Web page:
Three simple tips to improve at cycling.

three simple tips to improve at cycling

Cycling is one of the best sports for developing your mind as well as your body. But it can be hard to know where to start. That’s why I’ve put together three quick tips that will help you get improve quickly.

1. Train with a power meter

If you want to get faster at cycling, you need to measure your power. Period. And a power meter is a must for anyone that wants to improve. Why? Because a power meter tells you how hard you’re working.
Which allows you to train smarter, not harder. Here’s how to use a power meter. First, put it on your bike. Next, sync it to Strava or Garmin Connect. Then, you can see your average and peak power over time. This data will show you whether or not you’re improving. It will also help you know when to push yourself harder, and when to ease off.

2. Focus on the present moment

I used to think of “being in the moment” as some hippie-dippie, New Age concept. But being in the moment actually makes a big difference in how well you perform during cycling races. In fact, researchers at the University of Illinois found that elite cyclists spent 46% of their time in the “here and now” compared to 34% for recreational riders. So how can you train your mind to be in the moment? Practice mindfulness. Meditation. Or yoga. These are all great ways to cultivate present-moment awareness. When you’re in the moment, your brain is more focused, and you process information better. This leads to better performance on the bike.

Being in the present is an active state. One that you enter when you choose to focus on what’s happening right now. And then actively work to be in the present whenever possible. The more you practice being in the present, the easier it gets. And the faster you can go during your rides.

How do you stay motivated while training for cycling? Find something you love. Research shows that people who enjoy what they’re doing are more likely to stick with the activity over time. Learn to love the feeling of being on your bike. Find strength in knowing that you're getting fitter every week. That said, motivation doesn’t just come from within. It also comes from external sources such as a local cycling club.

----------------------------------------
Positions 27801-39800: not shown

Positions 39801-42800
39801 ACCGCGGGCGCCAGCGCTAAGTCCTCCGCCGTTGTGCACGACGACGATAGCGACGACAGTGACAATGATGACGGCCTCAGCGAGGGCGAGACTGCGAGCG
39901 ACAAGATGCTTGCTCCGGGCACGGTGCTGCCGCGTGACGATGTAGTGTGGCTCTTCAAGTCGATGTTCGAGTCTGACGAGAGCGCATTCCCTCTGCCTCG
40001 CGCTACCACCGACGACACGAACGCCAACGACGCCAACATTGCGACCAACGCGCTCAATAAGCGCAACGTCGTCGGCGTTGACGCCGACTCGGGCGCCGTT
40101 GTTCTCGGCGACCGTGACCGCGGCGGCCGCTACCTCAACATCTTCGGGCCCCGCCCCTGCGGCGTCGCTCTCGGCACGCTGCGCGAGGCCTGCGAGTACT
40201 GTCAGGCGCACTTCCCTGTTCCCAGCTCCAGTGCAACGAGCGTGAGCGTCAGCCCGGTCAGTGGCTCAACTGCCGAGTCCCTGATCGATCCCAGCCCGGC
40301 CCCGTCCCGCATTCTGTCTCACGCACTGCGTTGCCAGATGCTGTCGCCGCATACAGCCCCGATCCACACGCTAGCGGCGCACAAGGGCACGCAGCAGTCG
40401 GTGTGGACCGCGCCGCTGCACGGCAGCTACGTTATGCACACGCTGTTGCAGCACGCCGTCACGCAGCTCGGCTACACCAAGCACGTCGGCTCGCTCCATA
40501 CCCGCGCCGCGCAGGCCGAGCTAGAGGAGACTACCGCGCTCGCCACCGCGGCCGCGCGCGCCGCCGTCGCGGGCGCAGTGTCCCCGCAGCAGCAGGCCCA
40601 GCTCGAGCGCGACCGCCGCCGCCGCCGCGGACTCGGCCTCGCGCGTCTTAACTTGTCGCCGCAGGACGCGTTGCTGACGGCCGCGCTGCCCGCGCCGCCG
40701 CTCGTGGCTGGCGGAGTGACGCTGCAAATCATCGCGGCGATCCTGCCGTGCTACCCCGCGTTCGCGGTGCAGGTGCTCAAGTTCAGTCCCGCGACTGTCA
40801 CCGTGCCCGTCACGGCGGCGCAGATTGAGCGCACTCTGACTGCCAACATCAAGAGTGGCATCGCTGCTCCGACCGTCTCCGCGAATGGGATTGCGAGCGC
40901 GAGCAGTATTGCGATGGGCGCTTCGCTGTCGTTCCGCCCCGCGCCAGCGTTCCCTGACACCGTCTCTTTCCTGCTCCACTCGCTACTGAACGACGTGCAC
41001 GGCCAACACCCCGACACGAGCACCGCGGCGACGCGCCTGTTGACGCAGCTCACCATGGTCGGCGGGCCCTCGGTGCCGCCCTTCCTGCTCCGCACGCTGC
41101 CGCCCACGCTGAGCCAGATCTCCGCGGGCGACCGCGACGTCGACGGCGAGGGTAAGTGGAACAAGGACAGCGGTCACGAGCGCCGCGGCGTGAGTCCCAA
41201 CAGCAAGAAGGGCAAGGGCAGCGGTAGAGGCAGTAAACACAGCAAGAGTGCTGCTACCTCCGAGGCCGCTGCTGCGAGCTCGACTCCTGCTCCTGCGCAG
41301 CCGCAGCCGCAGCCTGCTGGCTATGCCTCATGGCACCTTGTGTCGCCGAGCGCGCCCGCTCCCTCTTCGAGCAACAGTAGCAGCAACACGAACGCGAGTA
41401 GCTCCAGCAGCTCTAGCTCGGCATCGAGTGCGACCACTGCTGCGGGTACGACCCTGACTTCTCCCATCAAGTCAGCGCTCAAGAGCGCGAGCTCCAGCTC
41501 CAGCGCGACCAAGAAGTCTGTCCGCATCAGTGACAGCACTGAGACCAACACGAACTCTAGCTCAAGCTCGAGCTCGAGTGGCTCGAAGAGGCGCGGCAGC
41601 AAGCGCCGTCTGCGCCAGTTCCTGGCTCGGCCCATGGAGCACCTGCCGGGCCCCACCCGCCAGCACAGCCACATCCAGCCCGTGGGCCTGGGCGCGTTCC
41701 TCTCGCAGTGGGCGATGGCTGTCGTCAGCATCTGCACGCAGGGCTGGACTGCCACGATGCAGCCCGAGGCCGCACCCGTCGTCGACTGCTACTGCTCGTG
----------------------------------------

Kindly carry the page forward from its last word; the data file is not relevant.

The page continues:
3. Train with a group

During my first cycling season, I trained by myself. I’d ride my bike to work, then head home and train some more. Rinse and repeat. This worked OK for a while.

But after about 4 months of training this way, I plateaued. My fitness didn’t improve as quickly as it had when I was a kid. Then, one day, I decided to join a cycling club.

This completely changed my cycling experience. The best part? The other cyclists in the group would sometimes show up an hour before class starts so we could warm up together. That way, we didn’t waste any time getting into our rides. Today, I train with a group of friends once or twice per week. It’s made a huge difference in how I feel on the bike, and how much faster I improve.  

In general, people who train with a group improve 50% more than those who train alone. And the benefits don’t stop there. Groups of athletes perform better than individuals. For example, a study of runners participating in the 1970 Boston Marathon found that the fastest men improved their times by 1:07 when they trained with a partner versus training alone. And the study concluded that “the effects of training in pairs are additive.” What does this mean? Simply put, if you have a workout partner, you can push yourself harder than you would if you were working out alone. Plus, you’ll have someone to help you recover faster as well. Groups also improve motivation. A study of triathletes found that participants who trained with a partner were 60% more likely to finish a race compared to those who trained alone.

In conclusion, training with others will give you a huge advantage. So don’t try to do it all by yourself. Have a cycling computer to track your progress. Join a cycling club. Or find a few other people who want to get into cycling and ride with them. It will change your life. But what if you can only afford to train by yourself? That’s OK. You can still train with a group in your mind. For example, you can think about all the people you are training with in your head. And the way they are helping you. And the way you are helping them. This will give you the same benefits of training with a partner without any of the costs. It's also a great way to practice mindfulness on your bicycle. 





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